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Central City Opera Podcast

The Central City Opera Podcast introduces you to the movers and shakers of the Central City Opera Festival. Episodes feature interviews with principal and young artists, designers, directors, conductors, and other production staff.  The podcast is hosted and edited by Emily Murdock, Director of Education & Community Engagement at Central City Opera.

Season 7 features the productions of the 2022 Summer Festival: Guettel's THE LIGHT IN THE PIAZZA, Strauss' DIE FLEDERMAUS, and Heggie's TWO REMAIN. Make sure you're subscribed on your podcast app of choice to get the latest episodes delivered directly to your device.

To find out more about Central City Opera, visit

Dec 3, 2020

Phebe Berkowitz-Tanners grew up in the Central City Opera House. Her family made a second home in our magical, old western town during the summers of 1953-1963 when her father, Metropolitan Opera violist David Berkowitz, played the Festival season with the Central City Opera Orchestra. Now a dedicated supporter of the company, Phebe reminisces with CCO Director of Development Katie Nicholson about mounting backyard opera productions with other children of the Festival company (attended by famous singers and actors of the main stage!), experiencing the world premiere of The Ballad of Baby Doe from behind the scenes and the expansive and international Central City Opera community that she found throughout her career as an opera stage director and production professional.

Guest host Katherine (Katie) Nicholson was recently featured on the Central City Opera blog, take a read get to know her better!

Those of you watching the video version of this interview will notice the poster for Central City Opera’s Voice Your Dreams Endowment Campaign behind Katie. If you want to learn more and/or contribute to the Campaign to help our company endure long into the future, contact Katie at or 303-331-7015!

Special thanks to Central City Opera Office Administrator Wanda M. Larson who’s helped us keep in close contact with our guest, Phebe, throughout the years and continues to show her passion for unforgettable Central City Opera experiences and community. You’ll probably recognize her if you’ve been up to the summer Festival, she’s the Gift Shop Admin/Buyer, too!

Historical preservation is a pillar of Central City Opera’s mission. Learn about the dozens of historic properties we own and maintain. Explore more Central City history, and even schedule a tour at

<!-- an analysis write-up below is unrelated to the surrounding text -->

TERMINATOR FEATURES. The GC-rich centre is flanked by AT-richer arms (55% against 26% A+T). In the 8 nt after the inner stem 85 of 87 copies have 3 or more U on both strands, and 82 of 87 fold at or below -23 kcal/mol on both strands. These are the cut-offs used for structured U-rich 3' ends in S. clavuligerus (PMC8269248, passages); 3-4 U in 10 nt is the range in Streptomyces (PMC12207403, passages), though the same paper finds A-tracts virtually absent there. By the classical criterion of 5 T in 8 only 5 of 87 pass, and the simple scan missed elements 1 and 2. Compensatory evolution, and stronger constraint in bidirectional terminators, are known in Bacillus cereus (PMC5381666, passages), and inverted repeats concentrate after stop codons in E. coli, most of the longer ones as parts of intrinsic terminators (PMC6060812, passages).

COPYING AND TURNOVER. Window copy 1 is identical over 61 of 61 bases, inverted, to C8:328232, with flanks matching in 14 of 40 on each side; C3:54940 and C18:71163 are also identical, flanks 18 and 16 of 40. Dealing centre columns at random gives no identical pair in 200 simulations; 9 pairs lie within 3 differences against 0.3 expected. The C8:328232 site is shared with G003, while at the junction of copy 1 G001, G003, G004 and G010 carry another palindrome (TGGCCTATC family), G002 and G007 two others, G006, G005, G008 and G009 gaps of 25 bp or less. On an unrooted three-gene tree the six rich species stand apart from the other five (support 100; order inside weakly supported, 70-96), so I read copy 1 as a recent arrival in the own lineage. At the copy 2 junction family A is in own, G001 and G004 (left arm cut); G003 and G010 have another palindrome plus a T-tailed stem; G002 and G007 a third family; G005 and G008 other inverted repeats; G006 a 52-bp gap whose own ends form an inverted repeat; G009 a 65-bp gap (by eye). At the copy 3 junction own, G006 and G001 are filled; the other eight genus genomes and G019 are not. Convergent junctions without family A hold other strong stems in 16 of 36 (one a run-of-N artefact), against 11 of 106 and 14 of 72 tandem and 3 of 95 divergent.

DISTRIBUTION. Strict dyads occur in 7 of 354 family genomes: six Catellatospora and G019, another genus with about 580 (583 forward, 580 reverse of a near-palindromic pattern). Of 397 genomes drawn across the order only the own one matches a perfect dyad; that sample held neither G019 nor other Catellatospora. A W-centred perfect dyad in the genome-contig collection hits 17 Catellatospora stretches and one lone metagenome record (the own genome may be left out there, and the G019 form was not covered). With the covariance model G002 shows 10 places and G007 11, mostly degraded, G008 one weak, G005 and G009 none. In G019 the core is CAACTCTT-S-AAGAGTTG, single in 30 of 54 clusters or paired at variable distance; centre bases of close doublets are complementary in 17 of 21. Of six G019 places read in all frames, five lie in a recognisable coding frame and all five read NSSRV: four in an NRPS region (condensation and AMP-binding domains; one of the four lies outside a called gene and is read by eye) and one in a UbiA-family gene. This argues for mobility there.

“The famous ghost town” of Nevadaville is just up the street from Central City. Learn more about it at

Like many patrons and visitors, Phebe mentions paranormal experiences in and around our properties. Have you encountered something ghostly in Central City?

Phebe talks about many exciting moments and incredible figures from Central City Opera, including:

  • Phebe spent her first summer at Central City Opera in 1953, the production was Bizet’s Carmen. She was 7 and her sister was 9. They fell in love with the music, sitting in on every rehearsal, and they began the tradition of performing their own versions of the season’s operas in their backyard with the other children of the Festival company. They’d string up a sheet to make a stage curtain, and star actors and singers would even come to see their shows! According to Phebe, these “parodies” and performances went on to inspire the tradition of our famous singing ushers.
  • You’ll hear the famous Risë Stevens recording of Carmen that Phebe and her sister loved so much as background music during this podcast.
  • Wonderful performers Phebe recalls knowing as a child—some of whom attended her backyard productions—were Julie Harris, Tammy Grimes, Shirley Booth, Arlene Saunders.
  • One of Phebe’s favorite memories of Central City Opera was the world premiere of The Ballad of Baby Doe in 1956. She was 10 years old at the time, and she remembers all the excitement and artistry of composer Douglas Moore, librettist John La Touche, director and renowned choreographer Hanya Holm, director Edwin Levy and starring sopranos Dolores Wilson and Leyna Gabriele, all working together on this brand new opera. Read more about Baby Doe Tabor as a historical figure and the opera based on her life on the Central City Opera blog!